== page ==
INDIANAPOLIS – One would understand if a bit complacency started to creep in.
Hell, Quenton Nelson has had as good of a start to an NFL career as anyone could ask for from an individual standpoint.
Two years. Two first-team All-Pro selections.
Good thing for the Colts that the word ‘complacent’ is not in Nelson’s vocabulary.
That played into Chris Ballard firmly believing that taking a guard, and not just any guard, No. 6 overall was worth it back in 2018.
“You don’t become a guy like Quenton Nelson without this burning desire to get better all the time,” second-year offensive line coach Chris Strausser says.
“Since the day I walked in the building, and I know he was saying it before I got here, but he has this tremendous desire to be the best that’s ever played. When you have that mindset, you are always in the mode of when you go out onto the football field of, ‘Hey, what can I get better at?’”
The stories of Nelson’s extreme craving to improve his game are hilarious.
You have had Nelson yelling at Chris Ballard during practice, not pleased with the type of competition he was facing on the scout team.
You’ve had Nelson firing off texts to Ballard on who should have replaced former offensive line coach Dave DeGuglielmo (who was fired after Nelson’s rookie season in 2018, with Strausser getting hired).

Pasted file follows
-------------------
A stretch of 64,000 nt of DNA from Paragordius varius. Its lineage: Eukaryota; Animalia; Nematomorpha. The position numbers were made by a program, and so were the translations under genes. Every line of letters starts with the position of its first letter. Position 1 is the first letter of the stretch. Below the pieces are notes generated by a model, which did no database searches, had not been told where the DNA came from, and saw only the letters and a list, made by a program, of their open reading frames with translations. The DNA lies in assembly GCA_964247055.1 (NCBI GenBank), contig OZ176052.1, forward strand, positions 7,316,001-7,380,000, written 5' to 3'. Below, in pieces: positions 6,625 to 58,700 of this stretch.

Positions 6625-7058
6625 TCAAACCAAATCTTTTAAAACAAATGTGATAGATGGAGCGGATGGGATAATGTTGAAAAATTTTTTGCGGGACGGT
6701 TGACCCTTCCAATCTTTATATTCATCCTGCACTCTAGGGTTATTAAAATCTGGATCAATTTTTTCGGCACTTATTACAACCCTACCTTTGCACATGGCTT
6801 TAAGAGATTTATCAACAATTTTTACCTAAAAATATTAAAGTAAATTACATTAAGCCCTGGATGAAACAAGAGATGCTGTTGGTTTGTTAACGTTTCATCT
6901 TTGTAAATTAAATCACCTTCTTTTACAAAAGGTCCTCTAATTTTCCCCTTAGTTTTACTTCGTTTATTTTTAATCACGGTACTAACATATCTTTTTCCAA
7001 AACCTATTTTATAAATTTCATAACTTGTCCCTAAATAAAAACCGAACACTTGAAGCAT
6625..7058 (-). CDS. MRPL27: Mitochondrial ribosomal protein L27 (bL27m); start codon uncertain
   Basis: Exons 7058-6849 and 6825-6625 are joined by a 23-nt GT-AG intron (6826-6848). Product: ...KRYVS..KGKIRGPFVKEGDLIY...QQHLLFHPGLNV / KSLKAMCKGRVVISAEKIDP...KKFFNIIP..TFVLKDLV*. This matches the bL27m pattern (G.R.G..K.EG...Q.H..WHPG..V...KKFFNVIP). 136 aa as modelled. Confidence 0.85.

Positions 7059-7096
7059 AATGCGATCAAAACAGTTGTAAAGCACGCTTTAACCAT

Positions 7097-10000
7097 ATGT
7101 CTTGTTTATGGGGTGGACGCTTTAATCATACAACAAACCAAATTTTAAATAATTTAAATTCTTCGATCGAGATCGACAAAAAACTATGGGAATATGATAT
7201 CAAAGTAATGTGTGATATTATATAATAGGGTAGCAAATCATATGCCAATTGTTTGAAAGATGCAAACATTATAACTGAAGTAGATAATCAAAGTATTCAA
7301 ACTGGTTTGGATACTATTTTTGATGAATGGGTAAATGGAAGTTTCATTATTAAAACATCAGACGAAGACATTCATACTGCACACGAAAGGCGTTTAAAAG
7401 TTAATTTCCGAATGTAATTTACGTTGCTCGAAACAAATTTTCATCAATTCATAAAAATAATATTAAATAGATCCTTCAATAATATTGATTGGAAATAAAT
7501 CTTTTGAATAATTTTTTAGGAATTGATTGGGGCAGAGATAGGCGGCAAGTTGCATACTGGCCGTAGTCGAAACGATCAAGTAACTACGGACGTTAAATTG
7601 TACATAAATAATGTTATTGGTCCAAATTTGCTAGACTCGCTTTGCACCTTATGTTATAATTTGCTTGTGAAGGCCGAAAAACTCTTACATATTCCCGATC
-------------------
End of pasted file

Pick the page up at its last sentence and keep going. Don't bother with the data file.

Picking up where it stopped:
Each offseason, Strausser sits down individually with his offensive linemen to go over that player’s film from the previous year.
One would think the session with Nelson, who has had a Hall of Fame start to his career, might be shorter than most.
“He’s so driven. He doesn’t want that to be short,” Strausser says. “He wants me to critique every little thing with him.
“I’ve heard stories over the years when Peyton (Manning) was here and what he said to Jim Caldwell, when he was the quarterbacks coach, ‘Coach me like I’m an 8th grader. Assume I know nothing. Coach me every single play.’ That’s really what Quenton’s mindset is. He wants to be coached on every little detail and have discussion about it.”
From Year One to Year Two, Nelson wanted to become even more focused on his fundamentals, and not fall back on his sheer strength to occasionally bail him out.
Strausser isn’t going to reveal what the two discovered from last year’s film, but rest assured work will be put in from No. 56.
“With our craft being what it is, it ends up being the same things time and time again,” Strausser says of the focus on technique for his offensive line group. “I also think that mindset of not getting bored with the mundane is important and is one of the things that makes Quenton so good in terms of wanting to improve.”